Dietary supplements containing Garcinia cambogia extract (G. cambogia) led to liver injuries that were clinically indistinguishable from green tea injuries, an analysis of the Drug-Induced Liver Injury Network revealed.
Among over 1,400 cases of documented drug-induced liver injury from 2004 to 2018, there were 22 cases related to G. cambogia supplements with or without green tea; of these, 91% required hospitalization for hepatocellular liver injury with jaundice, one patient needed a transplant, and two died, reported Victor Navarro, MD, of the Einstein Healthcare Network in Philadelphia, and colleagues in Clinical Gastroenterology and Hepatology.
The immune-mediated allele HLA-B*35:01 was more frequently detected among patients with liver injuries from supplements containing G. cambogia alone (60%), as compared to control groups of those with injuries from other types of dietary supplements (19%; OR 5.1, 95% CI 1.7-15.6, P=0.0018) or conventional drugs (12%; OR 8.8, 95% CI 3.4-23.2, P<0.0001).
“Although the allele frequency was lower than what was reported recently with green tea-associated liver injury (72-90% depending on causality score), the hepatocellular pattern of enzyme elevations and moderate to a severe course with jaundice raises the possibility that G. cambogia liver injury is immune-mediated [and] occurring in predisposed individuals,” Navarro and coauthors wrote. “However, this association needs to be confirmed.”
Mean time to peak total bilirubin levels did not vary among groups, but the median time for total bilirubin improvement was shorter among patients with G. cambogia-related injuries (P=0.03):
- G. cambogia supplements: 10 days
- Green tea supplements: 17 days
- Other supplements: 13 days
Aminotransferase peak values (2001 ± 1386 U/L) were also greater in the G. cambogia group versus controls (P<0.018).
Compared to liver injuries sustained from green tea-infused supplements, those attributable to G. cambogia alone did not differ in clinical or histological features, or biochemical testing, the authors noted, nor were there differences in patient demographics. Navarro’s group noted that G. cambogia is often marketed with green tea, and that perhaps the two “are additive or synergistic in their adverse effects in genetically susceptible individuals.”
“Before starting any supplement, I encourage my patients to discuss the product with me so we can discuss the safety and possibly consider alternative strategies,” said Michelle T. Long, MD, of Boston Medical Center, who was not involved in this study.
“Some individuals experienced liver injury 12 months after taking the Garcinia cambogia or HCA [hydroxycitric acid]-containing supplement, which highlights the need for patients to keep careful track of any products they use, even over a long timeframe,” she told MedPage Today.
“G. cambogia was used primarily by young women, mostly white and Hispanic, who were overweight but not obese,” the authors said. “Unless the clinician actively pursues questions during clinical history taking, G. cambogia as the implicated agent for liver injury could be easily missed. This situation emphasizes the need for clinicians to inquire about [herbal and dietary supplements] use in all cases of acute hepatitis.”
Long added that clinicians should ask patients about supplements they are no longer taking as well if there is suspicion for drug-induced liver injury.
Garcinia cambogia, or Malabar tamarind, is a fruit that is native to parts of India and Southeast Asia. The rind contains HCA, which has been marketed as a natural weight-loss product, among other beneficial claims. Use of the extract in dietary supplements has been linked with liver injury.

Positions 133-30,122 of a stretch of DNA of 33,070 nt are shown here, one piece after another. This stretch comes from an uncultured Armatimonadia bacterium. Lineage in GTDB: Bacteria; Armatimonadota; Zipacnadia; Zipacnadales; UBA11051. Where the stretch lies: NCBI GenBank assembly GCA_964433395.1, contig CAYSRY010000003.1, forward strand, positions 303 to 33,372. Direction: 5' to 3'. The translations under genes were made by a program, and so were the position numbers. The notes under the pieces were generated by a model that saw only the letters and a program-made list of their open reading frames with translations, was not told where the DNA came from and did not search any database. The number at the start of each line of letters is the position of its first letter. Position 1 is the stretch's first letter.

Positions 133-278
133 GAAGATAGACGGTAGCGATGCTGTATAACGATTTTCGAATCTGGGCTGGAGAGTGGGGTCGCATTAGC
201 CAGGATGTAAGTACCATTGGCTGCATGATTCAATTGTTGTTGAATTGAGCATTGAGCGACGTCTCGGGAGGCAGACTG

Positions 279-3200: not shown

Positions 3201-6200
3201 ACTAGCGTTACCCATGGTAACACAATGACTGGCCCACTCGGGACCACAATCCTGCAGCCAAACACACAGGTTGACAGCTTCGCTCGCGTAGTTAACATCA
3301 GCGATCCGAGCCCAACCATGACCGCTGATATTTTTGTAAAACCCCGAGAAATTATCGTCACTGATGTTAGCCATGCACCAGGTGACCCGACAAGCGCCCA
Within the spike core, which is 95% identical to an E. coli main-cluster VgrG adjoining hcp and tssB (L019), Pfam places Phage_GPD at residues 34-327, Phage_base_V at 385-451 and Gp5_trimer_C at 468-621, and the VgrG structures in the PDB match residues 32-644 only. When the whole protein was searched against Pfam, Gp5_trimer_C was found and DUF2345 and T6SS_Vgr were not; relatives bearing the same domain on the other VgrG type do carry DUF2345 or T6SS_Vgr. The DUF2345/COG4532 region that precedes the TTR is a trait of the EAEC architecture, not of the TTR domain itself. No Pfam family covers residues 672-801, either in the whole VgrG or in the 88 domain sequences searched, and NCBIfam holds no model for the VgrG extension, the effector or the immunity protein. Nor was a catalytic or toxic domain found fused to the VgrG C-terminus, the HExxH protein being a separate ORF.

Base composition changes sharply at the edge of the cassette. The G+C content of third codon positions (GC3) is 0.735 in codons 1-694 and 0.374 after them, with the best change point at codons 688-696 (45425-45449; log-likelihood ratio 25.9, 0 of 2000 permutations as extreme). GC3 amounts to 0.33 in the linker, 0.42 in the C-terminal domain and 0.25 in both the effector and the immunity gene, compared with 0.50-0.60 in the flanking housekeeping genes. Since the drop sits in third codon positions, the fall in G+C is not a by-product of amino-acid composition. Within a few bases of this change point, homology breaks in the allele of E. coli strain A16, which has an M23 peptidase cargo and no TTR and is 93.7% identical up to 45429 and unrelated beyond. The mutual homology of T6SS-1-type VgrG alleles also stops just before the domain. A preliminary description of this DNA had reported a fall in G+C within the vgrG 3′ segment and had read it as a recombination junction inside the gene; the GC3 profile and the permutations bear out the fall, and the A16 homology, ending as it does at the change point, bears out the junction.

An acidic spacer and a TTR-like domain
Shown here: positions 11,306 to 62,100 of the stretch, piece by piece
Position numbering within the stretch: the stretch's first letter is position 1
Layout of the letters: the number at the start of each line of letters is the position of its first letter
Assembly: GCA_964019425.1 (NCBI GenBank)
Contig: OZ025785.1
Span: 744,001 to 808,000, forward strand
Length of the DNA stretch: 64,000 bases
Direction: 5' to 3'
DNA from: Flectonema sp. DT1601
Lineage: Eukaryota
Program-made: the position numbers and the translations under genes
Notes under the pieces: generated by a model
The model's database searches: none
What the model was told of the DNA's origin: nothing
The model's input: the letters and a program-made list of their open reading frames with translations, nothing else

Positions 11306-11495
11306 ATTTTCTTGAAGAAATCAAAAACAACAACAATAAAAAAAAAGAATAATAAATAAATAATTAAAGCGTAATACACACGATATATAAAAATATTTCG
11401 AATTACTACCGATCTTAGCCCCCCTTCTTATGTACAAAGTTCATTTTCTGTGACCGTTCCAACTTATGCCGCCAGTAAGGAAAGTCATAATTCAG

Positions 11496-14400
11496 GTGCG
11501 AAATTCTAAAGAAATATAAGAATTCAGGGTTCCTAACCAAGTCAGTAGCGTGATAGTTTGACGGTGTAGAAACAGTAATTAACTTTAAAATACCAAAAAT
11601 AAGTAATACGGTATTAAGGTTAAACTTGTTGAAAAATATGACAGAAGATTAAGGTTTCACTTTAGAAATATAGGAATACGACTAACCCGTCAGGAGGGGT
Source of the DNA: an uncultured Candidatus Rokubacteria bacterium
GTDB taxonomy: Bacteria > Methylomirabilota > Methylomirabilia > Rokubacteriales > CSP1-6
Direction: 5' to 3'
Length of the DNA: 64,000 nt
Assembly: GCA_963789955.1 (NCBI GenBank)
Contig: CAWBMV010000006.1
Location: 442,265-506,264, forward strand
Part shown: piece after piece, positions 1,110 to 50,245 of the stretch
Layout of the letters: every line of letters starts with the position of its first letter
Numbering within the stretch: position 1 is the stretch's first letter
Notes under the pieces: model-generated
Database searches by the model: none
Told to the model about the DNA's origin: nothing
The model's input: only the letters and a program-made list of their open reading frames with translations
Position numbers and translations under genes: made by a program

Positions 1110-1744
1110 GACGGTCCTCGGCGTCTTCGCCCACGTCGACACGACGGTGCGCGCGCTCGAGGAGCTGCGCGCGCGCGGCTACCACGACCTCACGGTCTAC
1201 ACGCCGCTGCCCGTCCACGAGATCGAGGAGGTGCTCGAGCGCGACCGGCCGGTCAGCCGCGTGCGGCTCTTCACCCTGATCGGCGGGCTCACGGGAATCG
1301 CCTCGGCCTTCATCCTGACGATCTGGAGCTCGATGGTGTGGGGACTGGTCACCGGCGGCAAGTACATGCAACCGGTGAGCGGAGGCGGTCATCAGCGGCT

For their study, the researchers evaluated 1,418 participants from the Drug-Induced Liver Injury Network, an NIH consortium study of medical centers, who were enrolled from 2004 to 2018 and had “probable, highly likely, or definite drug-induced liver injury.” Patients were included if their liver injury was sustained within 6 months of enrollment and confirmed by blood tests.
Among the 22 cases of liver injury due to G. cambogia, the product was consumed alone in five cases, and was combined with green tea in 16 cases and with another herbal supplement, Ashwagandha, in one case. Control groups involved patients with liver injury from green tea supplements (n=57; excluding G. cambogia), from other non-anabolic steroid supplements (n=103; excluding G. cambogia and green tea), or from conventional drugs (n=1,143).
Median age in the G. cambogia group was 35 (range 17-54), over half were female, most were overweight, 64% identified as white, and 41% identified as Hispanic. Follow-up occurred at 6 months. Median onset from taking G. cambogia to liver injury was 51 days.
Rash or fever also occurred among three of the G. cambogia patients. Seven patients had severe liver injury, 13 had moderate injury, and two cases were fatal. Two of the 19 surviving patients sustained chronic drug-induced liver injury.
Study limitations included the inability to chemically test all supplements, the authors acknowledged. They also noted that G. cambogia has a long latency period, up to a year, which “might falsely reassure patients and the clinicians treating these patients about G. cambogia as an implicated agent.”
Funding was provided by an NIH cooperative agreement with the National Institute of Diabetes and Digestive and Kidney Diseases, the National Cancer Institute, and several universities to the Drug-Induced Liver Injury Network. Navarro disclosed prior funding from the Albert Einstein Medical Center and the Patient Centered Outcomes Research Institute. Other coauthors disclosed affiliations with various entities, including but not limited to: Gilead Sciences, Mitsubishi-Tanabe, Alnylam Pharma, UpToDate, Abbvie, Ironwood Pharmaceuticals, Second Genome, among others.